Sperm-like biological robot displays “remarkable” self-organization

Powered by cultured heart cells, tiny, self-organizing bio-hybrid machines that swim like sperm have been created by scientists at the University of Illinois. A report on the synthetic self-propelled bio-bots appears in the journal Nature Communications.

“Micro-organisms have a whole world that we only glimpse through the microscope,” said Taher Saif, lead scientist on the project. “This is the first time that an engineered system has reached this underworld.”

The bio-bots are modeled after flagella, single-celled creatures with long tails. The body of the bio-bot is created from a flexible polymer and it is powered by heart cells cultured near the junction of the head and the tail. The cells self-align and synchronize to beat together, sending a wave down the tail that propels the bio-bot forward.

“This self-organization is a remarkable emergent phenomenon,” said Saif. How the cells communicate with each other on the flexible polymer tail is yet to be fully understood. But the cells must beat together, in the right direction, for the tail to move. “It’s the minimal amount of engineering… the cells come in, interact with the structure, and make it functional.”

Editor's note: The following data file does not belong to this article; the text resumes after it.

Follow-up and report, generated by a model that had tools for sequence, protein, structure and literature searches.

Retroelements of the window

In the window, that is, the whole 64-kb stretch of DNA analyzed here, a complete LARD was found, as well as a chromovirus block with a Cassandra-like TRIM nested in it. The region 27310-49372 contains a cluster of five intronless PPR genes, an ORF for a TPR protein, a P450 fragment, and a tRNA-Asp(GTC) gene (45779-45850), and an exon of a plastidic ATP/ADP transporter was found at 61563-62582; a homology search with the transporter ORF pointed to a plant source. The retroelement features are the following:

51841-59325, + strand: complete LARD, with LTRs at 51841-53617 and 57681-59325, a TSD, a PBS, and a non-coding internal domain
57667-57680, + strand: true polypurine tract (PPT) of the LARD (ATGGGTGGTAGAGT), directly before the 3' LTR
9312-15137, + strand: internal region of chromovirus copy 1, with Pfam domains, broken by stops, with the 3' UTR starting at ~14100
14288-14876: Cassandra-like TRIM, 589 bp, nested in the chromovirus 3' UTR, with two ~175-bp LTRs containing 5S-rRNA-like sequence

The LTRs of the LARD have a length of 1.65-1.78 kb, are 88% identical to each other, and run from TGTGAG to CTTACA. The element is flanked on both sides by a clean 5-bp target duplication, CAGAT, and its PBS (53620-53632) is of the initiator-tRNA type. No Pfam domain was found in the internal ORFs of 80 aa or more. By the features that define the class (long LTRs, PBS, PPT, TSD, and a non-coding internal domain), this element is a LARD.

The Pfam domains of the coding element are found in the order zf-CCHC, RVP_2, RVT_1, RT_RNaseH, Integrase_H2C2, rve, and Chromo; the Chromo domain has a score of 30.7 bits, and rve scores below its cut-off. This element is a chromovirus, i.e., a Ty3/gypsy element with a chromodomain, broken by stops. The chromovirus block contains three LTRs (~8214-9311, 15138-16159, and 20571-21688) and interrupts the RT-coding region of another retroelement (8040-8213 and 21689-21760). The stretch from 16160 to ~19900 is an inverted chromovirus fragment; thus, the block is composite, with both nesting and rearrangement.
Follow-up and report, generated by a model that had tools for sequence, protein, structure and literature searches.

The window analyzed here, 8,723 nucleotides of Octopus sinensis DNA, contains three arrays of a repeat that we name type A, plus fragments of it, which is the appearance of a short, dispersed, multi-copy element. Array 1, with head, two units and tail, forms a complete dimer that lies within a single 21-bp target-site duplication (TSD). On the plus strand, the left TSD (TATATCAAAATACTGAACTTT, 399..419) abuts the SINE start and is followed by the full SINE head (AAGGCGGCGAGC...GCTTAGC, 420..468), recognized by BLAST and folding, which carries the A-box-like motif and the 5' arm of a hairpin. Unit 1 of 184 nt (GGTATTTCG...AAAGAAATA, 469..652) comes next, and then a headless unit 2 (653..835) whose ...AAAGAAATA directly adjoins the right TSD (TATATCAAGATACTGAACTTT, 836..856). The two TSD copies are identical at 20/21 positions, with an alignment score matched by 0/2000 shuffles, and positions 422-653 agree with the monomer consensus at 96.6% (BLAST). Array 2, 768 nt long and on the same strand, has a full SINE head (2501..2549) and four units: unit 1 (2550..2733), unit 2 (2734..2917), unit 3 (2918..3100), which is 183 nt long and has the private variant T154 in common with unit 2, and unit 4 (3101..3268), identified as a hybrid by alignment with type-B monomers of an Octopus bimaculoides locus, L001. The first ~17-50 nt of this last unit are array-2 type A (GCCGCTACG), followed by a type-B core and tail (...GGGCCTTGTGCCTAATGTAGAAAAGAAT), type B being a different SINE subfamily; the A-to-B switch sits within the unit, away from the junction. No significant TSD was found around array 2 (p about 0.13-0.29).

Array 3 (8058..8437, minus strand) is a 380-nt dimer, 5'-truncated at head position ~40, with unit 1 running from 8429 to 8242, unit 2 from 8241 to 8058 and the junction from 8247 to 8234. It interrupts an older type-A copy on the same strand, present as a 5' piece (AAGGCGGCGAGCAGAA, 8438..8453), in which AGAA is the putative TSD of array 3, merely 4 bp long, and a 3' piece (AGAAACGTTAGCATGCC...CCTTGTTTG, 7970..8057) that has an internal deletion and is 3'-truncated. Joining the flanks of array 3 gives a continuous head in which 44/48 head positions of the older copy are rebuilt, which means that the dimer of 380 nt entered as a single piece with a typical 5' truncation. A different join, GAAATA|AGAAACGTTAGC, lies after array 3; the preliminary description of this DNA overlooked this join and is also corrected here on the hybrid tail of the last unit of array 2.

The team also built two-tailed bots, which they found can swim even faster. The study suggests that multiple tails also open up the possibility of directional control. The researchers envision future bots that could sense chemicals or light and navigate toward a target for medical or environmental applications.

“The long-term vision is simple,” said Saif. “We make elementary structures and seed them with stem cells that would differentiate into smart structures to deliver drugs, perform minimally invasive surgery or target cancer.”

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Source: University of Illinois

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RESEARCH AND SCIENCE Magazine Synthetic Biology - August 2006 picture

RESEARCH AND SCIENCE Magazine Synthetic Biology - August 2006


Magazine Research And Science Biology Synthetic - August 2006 picture

Magazine Research And Science Biology Synthetic - August 2006


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